Secondary schools need to review “urgently” their teaching of literacy across the curriculum, according to a report from Ofsted.
The study, which looked at examples of best practice teaching in seven schools around the country, expressed concern about “quick-fix” solutions and a general ambivalence among teachers for on-the-job training in the teaching of reading and writing.
It found that good practice included long-term planning, with active, consistent and sustained support from heads and senior leaders.
Literacy should feature across all subjects, with schools drawing on the specialist knowledge of staff members to support individuals and departments where this might be proving problematic.
The study, Improving Standards in Literacy: A shared responsibility, said those schools teaching literacy effectively identified good practice across the curriculum and encouraged staff to learn from each other.
Effective teaching also had a focus on practical ideas that teachers could use in long-term planning and schemes of work.
The most successful schools also made good use of their libraries and librarians to support literacy work across the whole school.
The report said: “The evidence gathered during this survey shows that teachers in a secondary school need to understand that literacy is a key issue regardless of the subject taught. It is an important element of their effectiveness as a subject teacher.”
Angmering School in West Sussex, for example, had implemented a ‘literacy across the curriculum’ strategy, which includes paired reading between older and younger pupils, and competition and events run by the school library.
Meanwhile, at the City Academy in Hackney, there is a focus on encouraging pupils to speak in sentences during lessons, to have a book on the table at all times and to use well-structured sentences and paragraphs in all their writing.
Since the Ofsted framework was changed last September aspects of literacy are now built-in to each of the key judgements made in inspection report.
An outstanding school is likely to have outstanding policies and practice in promoting literacy across the curriculum, with all pupils seen to make good or better progress, including those with English as an additional language, special needs or eligible for funding through the Pupil Premium.
The report said that engaging approaches to developing literacy also cut truancy among disaffected pupils, but there was no one way of “getting it right”. Approaches varied across schools depending on their needs and the expertise of staff.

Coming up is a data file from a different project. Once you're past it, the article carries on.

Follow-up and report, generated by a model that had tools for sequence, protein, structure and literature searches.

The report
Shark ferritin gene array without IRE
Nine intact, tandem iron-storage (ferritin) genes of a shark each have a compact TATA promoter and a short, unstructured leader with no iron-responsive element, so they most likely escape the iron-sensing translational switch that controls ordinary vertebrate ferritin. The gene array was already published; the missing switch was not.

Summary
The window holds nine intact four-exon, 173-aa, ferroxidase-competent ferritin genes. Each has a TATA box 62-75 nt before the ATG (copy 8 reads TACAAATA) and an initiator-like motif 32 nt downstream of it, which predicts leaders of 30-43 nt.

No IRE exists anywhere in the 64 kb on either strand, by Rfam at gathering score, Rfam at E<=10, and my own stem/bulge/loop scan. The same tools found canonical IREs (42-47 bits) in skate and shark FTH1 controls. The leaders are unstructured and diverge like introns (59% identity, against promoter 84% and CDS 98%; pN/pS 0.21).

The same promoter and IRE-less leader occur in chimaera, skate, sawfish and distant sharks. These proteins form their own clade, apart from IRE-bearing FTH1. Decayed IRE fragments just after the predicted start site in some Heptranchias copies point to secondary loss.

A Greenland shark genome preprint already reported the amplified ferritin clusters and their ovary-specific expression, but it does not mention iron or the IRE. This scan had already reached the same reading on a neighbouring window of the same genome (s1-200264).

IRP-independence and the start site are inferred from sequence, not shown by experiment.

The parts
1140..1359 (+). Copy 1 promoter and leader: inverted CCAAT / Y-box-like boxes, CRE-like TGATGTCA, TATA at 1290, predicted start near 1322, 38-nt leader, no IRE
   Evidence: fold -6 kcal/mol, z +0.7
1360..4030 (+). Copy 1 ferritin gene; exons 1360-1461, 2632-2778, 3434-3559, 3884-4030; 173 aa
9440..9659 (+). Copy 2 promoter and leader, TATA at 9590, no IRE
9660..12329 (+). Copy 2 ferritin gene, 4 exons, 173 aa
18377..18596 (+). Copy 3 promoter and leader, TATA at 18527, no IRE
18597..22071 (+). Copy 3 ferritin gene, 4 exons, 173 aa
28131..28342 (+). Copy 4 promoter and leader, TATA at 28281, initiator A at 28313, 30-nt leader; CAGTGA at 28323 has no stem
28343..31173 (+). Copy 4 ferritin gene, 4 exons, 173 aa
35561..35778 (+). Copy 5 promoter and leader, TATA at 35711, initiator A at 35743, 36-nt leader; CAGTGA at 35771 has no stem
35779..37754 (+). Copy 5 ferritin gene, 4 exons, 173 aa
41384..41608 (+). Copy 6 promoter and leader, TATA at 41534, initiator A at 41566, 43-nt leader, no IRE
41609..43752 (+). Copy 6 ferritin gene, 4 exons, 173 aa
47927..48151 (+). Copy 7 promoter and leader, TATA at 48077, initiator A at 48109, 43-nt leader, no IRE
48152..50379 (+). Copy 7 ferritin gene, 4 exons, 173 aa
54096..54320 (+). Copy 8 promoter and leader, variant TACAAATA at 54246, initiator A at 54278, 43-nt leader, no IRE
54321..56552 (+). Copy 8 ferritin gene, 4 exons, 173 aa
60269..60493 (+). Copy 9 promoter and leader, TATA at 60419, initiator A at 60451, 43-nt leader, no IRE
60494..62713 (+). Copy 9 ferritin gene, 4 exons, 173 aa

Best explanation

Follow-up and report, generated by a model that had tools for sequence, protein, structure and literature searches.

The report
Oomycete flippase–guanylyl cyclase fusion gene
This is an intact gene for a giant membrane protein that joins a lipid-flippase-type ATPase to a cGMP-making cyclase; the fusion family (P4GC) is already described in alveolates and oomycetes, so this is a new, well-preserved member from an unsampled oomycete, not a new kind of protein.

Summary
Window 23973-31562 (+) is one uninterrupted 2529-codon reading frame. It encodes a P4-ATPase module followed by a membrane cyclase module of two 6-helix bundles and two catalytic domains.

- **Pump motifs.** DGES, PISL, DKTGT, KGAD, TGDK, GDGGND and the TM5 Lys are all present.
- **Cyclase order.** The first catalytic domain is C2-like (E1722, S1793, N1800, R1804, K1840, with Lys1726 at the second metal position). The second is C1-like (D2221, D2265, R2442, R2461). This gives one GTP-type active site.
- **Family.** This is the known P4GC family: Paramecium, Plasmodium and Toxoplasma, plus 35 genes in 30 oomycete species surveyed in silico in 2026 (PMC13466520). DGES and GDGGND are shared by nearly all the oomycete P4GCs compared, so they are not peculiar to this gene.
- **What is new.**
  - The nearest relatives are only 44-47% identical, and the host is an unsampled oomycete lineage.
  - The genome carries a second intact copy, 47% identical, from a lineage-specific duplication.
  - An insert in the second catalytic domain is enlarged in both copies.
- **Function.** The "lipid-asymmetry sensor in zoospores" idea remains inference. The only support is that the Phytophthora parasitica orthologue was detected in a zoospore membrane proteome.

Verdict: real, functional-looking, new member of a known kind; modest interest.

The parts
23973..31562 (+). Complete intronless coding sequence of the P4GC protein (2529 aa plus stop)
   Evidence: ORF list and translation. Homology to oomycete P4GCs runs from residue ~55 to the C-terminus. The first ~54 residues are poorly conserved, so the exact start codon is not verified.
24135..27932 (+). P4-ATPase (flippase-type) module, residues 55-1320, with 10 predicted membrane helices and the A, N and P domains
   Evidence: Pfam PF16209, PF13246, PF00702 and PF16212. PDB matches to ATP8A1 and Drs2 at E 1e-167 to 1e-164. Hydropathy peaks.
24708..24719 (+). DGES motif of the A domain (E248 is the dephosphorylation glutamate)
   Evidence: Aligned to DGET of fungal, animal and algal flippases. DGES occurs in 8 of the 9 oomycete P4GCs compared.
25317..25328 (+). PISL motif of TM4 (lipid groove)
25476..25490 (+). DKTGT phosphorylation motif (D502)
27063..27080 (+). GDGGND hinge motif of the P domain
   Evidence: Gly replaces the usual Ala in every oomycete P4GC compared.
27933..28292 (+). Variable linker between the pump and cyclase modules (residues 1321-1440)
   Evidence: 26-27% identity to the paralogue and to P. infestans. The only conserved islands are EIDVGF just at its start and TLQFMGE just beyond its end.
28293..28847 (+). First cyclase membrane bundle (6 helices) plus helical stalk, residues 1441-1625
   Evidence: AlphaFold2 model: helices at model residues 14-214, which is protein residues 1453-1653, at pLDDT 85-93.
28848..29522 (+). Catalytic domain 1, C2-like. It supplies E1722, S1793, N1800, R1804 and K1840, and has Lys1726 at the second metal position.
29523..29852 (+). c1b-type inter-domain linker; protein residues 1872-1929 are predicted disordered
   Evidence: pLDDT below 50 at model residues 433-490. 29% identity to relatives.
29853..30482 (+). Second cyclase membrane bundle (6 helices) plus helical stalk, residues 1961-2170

Michael Cladingbowl, Ofsted’s director of schools policy, said: “This survey found there is no ‘quick-fix’ for raising standards in literacy. The best schools made literacy an integral element of the whole-school curriculum. In these secondary schools, there was no attempt to address literacy through one-off training days for staff. Literacy in the best schools was an integral part of longer term school improvement plans and informed the content of action plans for each subject.”
Last year, Ofsted published a report – Moving English Forward – in which it outlined a 10-point-plan on literacy and committed to publish best practice reports.
Dr Mary Bousted, general secretary of the Association of Teachers and Lecturers, welcomed Ofsted’s focus on supporting teachers’ training and sharing evidence.
However, she added: “It’s important to remember that much of what Ofsted has criticised recently as bad practice has in the past been promoted as good practice by Ofsted – the three-part lesson, focus on moving quickly through the lesson rather than checking understanding.
“Heads and teachers will be critical of any suggestions that seem to be about getting through Ofsted inspections rather than based on evidence of how to support young people’s long-term learning and enjoyment.”
To download the best practice report, visit www.ofsted.gov.uk/resources/improving-literacy-secondary-schools-shared-responsibility
Last year’s Moving English Forward report, including the 10 points, can also be downloaded from www.ofsted.gov.uk/resources/moving-english-forward